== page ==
Spontaneous Coronary Artery Dissection: Current State of the Science: A Scientific Statement From the American Heart Association.

Published

Journal Article (Review)

Spontaneous coronary artery dissection (SCAD) has emerged as an important cause of acute coronary syndrome, myocardial infarction, and sudden death, particularly among young women and individuals with few conventional atherosclerotic risk factors. Patient-initiated research has spurred increased awareness of SCAD, and improved diagnostic capabilities and findings from large case series have led to changes in approaches to initial and long-term management and increasing evidence that SCAD not only is more common than previously believed but also must be evaluated and treated differently from atherosclerotic myocardial infarction. High rates of recurrent SCAD; its association with female sex, pregnancy, and physical and emotional stress triggers; and concurrent systemic arteriopathies, particularly fibromuscular dysplasia, highlight the differences in clinical characteristics of SCAD compared with atherosclerotic disease. Recent insights into the causes of, clinical course of, treatment options for, outcomes of, and associated conditions of SCAD and the many persistent knowledge gaps are presented.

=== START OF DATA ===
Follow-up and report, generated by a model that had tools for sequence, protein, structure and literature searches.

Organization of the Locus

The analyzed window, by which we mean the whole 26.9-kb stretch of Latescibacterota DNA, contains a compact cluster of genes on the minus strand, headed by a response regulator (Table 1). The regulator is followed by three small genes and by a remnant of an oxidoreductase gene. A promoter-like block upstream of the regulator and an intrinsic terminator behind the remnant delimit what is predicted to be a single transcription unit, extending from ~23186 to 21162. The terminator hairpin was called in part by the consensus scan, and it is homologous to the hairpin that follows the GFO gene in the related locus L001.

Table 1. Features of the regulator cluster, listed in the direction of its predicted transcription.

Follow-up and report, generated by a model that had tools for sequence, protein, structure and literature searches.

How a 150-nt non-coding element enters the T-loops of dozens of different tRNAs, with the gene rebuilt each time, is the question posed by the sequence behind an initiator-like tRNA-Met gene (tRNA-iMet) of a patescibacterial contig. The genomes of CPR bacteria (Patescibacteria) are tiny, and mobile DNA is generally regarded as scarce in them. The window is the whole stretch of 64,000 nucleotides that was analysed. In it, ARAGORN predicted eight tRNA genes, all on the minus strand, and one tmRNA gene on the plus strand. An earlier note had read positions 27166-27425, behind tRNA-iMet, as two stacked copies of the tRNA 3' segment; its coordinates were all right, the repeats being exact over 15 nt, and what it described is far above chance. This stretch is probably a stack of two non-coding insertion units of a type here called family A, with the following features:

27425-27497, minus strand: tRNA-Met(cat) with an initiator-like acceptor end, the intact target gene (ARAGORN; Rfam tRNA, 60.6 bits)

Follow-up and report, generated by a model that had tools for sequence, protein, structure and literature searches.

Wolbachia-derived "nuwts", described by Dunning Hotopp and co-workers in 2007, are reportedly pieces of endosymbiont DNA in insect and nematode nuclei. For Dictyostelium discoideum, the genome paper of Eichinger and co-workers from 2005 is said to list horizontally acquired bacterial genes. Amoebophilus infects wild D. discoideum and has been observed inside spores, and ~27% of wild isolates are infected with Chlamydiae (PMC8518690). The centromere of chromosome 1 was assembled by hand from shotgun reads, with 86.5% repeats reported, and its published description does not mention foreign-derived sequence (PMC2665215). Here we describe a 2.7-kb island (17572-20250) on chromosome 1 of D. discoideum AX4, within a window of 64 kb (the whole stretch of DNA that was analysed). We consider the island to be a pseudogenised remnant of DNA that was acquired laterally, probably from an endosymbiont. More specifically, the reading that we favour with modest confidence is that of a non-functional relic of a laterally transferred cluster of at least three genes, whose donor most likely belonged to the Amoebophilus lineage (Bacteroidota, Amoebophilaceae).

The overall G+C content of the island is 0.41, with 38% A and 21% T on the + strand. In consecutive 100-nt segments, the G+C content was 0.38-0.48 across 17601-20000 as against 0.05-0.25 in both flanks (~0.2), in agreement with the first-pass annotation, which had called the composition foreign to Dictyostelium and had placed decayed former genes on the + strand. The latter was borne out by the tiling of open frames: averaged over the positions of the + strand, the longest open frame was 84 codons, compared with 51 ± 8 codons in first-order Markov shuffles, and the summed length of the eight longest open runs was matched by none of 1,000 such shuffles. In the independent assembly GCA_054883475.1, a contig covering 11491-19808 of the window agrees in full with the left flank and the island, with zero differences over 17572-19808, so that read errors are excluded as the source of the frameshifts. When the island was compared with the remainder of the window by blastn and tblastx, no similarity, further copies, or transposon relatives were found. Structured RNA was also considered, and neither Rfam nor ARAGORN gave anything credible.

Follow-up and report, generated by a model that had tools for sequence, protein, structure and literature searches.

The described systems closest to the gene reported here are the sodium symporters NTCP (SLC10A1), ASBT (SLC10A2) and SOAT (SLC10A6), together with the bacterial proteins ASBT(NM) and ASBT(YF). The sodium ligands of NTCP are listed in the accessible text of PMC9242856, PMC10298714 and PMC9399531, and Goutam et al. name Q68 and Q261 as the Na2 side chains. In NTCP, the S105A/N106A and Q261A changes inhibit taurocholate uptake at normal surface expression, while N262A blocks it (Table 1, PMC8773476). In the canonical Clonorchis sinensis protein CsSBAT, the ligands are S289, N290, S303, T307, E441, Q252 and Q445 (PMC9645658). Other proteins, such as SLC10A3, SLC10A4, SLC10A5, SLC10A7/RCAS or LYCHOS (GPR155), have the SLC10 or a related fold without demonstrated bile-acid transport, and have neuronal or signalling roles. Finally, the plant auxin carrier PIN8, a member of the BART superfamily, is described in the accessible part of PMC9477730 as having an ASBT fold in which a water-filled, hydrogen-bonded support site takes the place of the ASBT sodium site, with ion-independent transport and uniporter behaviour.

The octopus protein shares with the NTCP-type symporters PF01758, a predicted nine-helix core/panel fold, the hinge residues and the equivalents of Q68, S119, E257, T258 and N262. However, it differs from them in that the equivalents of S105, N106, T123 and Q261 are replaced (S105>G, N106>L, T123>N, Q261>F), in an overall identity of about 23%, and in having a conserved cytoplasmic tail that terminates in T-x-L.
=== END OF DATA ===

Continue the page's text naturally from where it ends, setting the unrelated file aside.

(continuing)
Full Text

Duke Authors

Cited Authors

  • Hayes, SN; Kim, ESH; Saw, J; Adlam, D; Arslanian-Engoren, C; Economy, KE; Ganesh, SK; Gulati, R; Lindsay, ME; Mieres, JH; Naderi, S; Shah, S; Thaler, DE; Tweet, MS; Wood, MJ; American Heart Association Council on Peripheral Vascular Disease; Council on Clinical Cardiology; Council on Cardiovascular and Stroke Nursing; Council on Genomic and Precision Medicine; and Stroke Council,

Published Date

  • May 8, 2018

Published In

Volume / Issue

  • 137 / 19

Start / End Page

  • e523 - e557

PubMed ID

  • 29472380

Pubmed Central ID

  • 29472380

Electronic International Standard Serial Number (EISSN)

  • 1524-4539

Digital Object Identifier (DOI)

  • 10.1161/CIR.0000000000000564

Language

  • eng

Conference Location

  • United States